The Obama administration acknowledged Wednesday that problems persist on the back end of HealthCare.gov, which transmits applicants' information to insurance companies.
In a joint statement with insurers, federal health officials said they were working closely with the industry to "resolve back-end issues between health plans and HealthCare.gov" and would report on their progress at a later date.
"Ensuring that all Americans who need coverage are properly enrolled is a top priority for all of us," the statement said.
The administration has received strong criticism for failing to disclose the error rate for forms known as 834s, which send information about ObamaCare enrollees to health insurers.
The administration's failure to disclose the error rate has led to a series of tense exchanges with journalists on a daily conference call.
The Centers for Medicare and Medicaid Services (CMS) said this week that it addressed a single glitch apparently responsible for 80 percent of the problems. But insurers begged to differ, saying they were still receiving garbled and incomplete data as of this week.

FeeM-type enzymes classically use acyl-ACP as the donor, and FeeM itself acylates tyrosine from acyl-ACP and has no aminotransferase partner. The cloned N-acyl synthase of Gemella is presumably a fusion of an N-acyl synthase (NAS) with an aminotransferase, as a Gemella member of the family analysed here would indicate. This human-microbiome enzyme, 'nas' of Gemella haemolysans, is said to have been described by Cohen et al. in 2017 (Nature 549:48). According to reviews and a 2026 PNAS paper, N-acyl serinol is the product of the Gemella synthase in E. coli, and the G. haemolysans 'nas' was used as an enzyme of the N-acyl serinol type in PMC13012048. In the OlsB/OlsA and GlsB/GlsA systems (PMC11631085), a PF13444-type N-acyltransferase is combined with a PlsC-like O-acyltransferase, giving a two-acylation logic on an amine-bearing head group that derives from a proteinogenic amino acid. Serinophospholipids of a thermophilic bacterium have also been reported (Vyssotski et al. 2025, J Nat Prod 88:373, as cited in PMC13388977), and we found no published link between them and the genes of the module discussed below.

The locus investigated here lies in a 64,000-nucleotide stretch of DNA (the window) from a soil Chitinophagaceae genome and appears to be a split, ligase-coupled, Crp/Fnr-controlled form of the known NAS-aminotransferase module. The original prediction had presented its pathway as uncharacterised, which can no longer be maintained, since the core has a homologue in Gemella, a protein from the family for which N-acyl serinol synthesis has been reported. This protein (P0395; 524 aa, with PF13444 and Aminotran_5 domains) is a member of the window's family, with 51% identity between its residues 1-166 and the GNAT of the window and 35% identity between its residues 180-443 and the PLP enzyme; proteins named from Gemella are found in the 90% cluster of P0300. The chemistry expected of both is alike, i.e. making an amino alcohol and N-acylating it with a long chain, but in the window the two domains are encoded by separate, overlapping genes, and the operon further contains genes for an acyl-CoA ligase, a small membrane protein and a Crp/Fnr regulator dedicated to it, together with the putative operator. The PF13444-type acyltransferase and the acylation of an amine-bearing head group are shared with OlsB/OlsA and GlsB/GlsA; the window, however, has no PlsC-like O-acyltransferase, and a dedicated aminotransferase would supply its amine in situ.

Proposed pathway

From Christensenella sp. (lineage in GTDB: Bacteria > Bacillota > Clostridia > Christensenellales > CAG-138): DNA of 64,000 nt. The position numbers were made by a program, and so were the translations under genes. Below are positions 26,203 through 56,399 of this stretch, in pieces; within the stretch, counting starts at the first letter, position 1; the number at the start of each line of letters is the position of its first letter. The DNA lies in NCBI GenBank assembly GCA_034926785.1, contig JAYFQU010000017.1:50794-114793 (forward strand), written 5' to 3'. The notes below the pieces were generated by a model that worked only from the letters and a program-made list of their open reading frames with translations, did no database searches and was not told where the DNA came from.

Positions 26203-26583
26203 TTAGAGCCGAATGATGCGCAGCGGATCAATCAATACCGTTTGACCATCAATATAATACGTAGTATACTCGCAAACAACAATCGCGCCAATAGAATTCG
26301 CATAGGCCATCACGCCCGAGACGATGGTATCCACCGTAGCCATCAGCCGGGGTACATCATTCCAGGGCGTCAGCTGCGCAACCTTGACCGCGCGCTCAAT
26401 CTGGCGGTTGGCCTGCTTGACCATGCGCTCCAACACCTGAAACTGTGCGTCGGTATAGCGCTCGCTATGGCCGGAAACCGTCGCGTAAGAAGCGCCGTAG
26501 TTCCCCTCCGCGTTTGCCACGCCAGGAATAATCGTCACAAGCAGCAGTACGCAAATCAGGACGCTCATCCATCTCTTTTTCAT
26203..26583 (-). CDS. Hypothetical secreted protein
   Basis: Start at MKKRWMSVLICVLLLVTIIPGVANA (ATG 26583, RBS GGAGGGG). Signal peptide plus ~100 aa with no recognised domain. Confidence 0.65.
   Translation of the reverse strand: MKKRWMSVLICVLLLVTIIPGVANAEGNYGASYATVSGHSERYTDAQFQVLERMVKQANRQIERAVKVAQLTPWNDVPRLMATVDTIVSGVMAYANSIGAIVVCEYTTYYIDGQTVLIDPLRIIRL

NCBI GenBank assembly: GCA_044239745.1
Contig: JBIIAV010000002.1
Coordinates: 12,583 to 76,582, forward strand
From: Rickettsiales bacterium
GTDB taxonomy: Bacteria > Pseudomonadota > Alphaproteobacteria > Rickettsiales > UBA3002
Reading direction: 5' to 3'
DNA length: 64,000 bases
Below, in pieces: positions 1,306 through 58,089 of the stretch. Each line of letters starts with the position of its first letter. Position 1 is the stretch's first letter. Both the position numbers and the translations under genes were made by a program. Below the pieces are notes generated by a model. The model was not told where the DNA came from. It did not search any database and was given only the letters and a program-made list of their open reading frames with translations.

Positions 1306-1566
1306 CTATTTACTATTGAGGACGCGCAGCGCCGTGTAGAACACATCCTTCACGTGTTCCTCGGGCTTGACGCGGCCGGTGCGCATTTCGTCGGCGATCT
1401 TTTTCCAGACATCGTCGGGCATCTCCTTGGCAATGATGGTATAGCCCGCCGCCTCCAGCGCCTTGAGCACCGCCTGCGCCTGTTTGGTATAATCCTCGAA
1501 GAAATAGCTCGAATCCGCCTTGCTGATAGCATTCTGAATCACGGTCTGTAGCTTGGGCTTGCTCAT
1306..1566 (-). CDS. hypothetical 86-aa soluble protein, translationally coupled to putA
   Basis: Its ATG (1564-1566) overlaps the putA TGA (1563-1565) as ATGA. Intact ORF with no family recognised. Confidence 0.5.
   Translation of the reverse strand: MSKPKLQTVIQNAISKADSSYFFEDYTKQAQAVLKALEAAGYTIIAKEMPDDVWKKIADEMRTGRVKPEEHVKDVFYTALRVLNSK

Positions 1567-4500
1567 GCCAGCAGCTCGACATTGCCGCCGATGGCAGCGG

The 834 problem works against the narrative that the federal enrollment website is running smoothly following the administration's self-imposed deadline for most repairs.
If unresolved, it will hamper new policyholders from using their ObamaCare coverage in January, threatening the White House with another major controversy over the rollout.
Wednesday's statement was released jointly by the CMS, America's Health Insurance Plans and the Blue Cross Blue Shield Association.
The groups called the back-end repair effort "very focused" and "driven by a team of experts" from both the CMS and private contractors.
Journalists disparaged the statement on Twitter, suggesting the administration was stonewalling.